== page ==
When it comes to the guess-who’s-a-host game, anyone’s a possibility—even the man behind the curtain. During Westworld happy hour, the Man in Black insinuates that Ford is a host when he says he might get some intel by scalping him. Sure, Ford could be an imprint of his former self at an older age with a watch fob, immortalized forever, though it might be more likely that he is simply the most advanced human left in the mix. After all, the show does flash back to Ford as young, dark-haired-man, and we know that hosts don’t age—though again, we could always be looking at Ford the host version even if he started as human.
5. Ford murdered his father.
Something’s up with Ford’s dad. Throughout the show, Ford files so many complaints about his daddy issues, it’s enough for Bernard to shout, “I need a vacation from this artificially intelligent vacation!” Even more eerie, he uses a Frankenstein reference about how no one’s life is as important as winning, possibly hinting that his father was another partner. If the show plays out this way, then Ford would have killed his own father to build his empire, using parts of him to create another host with amnesia. (It’s the one in the cottage who he says Arnold created for him, likely at the Delos Secret Santa exchange.) But what if he gave his dad the Arnold treatment? This way, he’d be in total control of his dad, leaving Ford to play with his white church toy however he wanted without his dad getting in the way with his discouraging dad burns.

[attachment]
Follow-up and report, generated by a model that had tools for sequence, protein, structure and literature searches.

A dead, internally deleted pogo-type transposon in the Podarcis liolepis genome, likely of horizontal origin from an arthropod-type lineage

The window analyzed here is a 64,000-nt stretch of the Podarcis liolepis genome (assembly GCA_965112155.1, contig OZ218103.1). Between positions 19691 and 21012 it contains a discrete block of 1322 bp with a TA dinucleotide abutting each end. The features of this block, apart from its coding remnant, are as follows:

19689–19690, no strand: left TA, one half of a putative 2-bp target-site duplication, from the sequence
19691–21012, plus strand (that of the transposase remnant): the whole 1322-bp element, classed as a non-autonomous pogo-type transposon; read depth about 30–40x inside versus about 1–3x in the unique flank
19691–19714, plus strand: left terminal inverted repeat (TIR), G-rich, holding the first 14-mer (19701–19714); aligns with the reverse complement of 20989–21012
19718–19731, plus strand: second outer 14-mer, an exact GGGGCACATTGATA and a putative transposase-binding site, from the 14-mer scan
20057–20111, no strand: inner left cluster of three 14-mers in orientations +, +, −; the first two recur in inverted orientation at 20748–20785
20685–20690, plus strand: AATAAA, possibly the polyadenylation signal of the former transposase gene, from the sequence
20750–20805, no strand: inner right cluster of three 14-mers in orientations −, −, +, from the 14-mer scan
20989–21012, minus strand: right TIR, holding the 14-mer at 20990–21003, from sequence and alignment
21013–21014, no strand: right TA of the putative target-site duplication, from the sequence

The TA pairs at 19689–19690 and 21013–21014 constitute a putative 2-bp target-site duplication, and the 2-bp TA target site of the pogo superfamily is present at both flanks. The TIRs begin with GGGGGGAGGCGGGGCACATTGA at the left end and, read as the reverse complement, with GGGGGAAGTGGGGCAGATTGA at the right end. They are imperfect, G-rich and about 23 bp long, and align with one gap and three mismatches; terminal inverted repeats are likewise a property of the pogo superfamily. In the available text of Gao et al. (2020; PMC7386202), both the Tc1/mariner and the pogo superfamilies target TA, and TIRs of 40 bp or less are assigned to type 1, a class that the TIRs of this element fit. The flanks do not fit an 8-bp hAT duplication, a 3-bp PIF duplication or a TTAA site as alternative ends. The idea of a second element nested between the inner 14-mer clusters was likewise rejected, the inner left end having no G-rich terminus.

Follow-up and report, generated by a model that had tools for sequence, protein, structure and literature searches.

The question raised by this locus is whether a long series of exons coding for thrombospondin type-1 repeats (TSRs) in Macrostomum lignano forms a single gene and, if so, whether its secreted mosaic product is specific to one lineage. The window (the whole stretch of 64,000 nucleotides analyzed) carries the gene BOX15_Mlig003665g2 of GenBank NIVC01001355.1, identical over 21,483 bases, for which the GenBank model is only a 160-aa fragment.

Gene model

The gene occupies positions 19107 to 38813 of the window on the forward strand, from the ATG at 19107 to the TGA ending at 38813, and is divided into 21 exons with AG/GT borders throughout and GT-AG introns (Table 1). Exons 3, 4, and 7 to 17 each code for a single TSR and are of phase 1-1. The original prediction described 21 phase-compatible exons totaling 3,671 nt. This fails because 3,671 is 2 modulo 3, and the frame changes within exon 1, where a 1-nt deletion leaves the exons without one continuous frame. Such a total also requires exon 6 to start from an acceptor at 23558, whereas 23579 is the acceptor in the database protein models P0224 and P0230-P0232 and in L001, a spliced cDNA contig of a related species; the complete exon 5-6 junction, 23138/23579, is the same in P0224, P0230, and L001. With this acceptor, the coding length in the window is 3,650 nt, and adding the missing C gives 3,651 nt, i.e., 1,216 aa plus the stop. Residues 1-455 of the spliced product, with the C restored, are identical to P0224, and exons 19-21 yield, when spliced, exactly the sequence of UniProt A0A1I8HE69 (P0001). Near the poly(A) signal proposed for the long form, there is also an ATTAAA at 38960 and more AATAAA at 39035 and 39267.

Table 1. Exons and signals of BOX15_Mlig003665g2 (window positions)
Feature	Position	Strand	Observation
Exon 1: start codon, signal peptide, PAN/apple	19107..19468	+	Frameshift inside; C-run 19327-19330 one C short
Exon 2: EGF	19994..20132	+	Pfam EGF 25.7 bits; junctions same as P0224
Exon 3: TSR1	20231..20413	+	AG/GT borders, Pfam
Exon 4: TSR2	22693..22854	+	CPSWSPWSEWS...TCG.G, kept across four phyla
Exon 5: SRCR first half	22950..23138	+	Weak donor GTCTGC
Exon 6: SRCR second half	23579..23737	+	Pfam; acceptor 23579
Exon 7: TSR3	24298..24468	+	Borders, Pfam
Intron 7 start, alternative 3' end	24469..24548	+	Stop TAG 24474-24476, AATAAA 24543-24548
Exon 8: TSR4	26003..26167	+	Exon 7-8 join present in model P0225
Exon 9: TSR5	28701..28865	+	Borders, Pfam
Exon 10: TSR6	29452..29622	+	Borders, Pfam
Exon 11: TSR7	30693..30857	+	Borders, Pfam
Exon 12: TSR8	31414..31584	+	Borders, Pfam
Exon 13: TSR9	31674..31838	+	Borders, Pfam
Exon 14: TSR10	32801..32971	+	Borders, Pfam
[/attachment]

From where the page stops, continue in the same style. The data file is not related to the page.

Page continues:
6. Arnold is alive.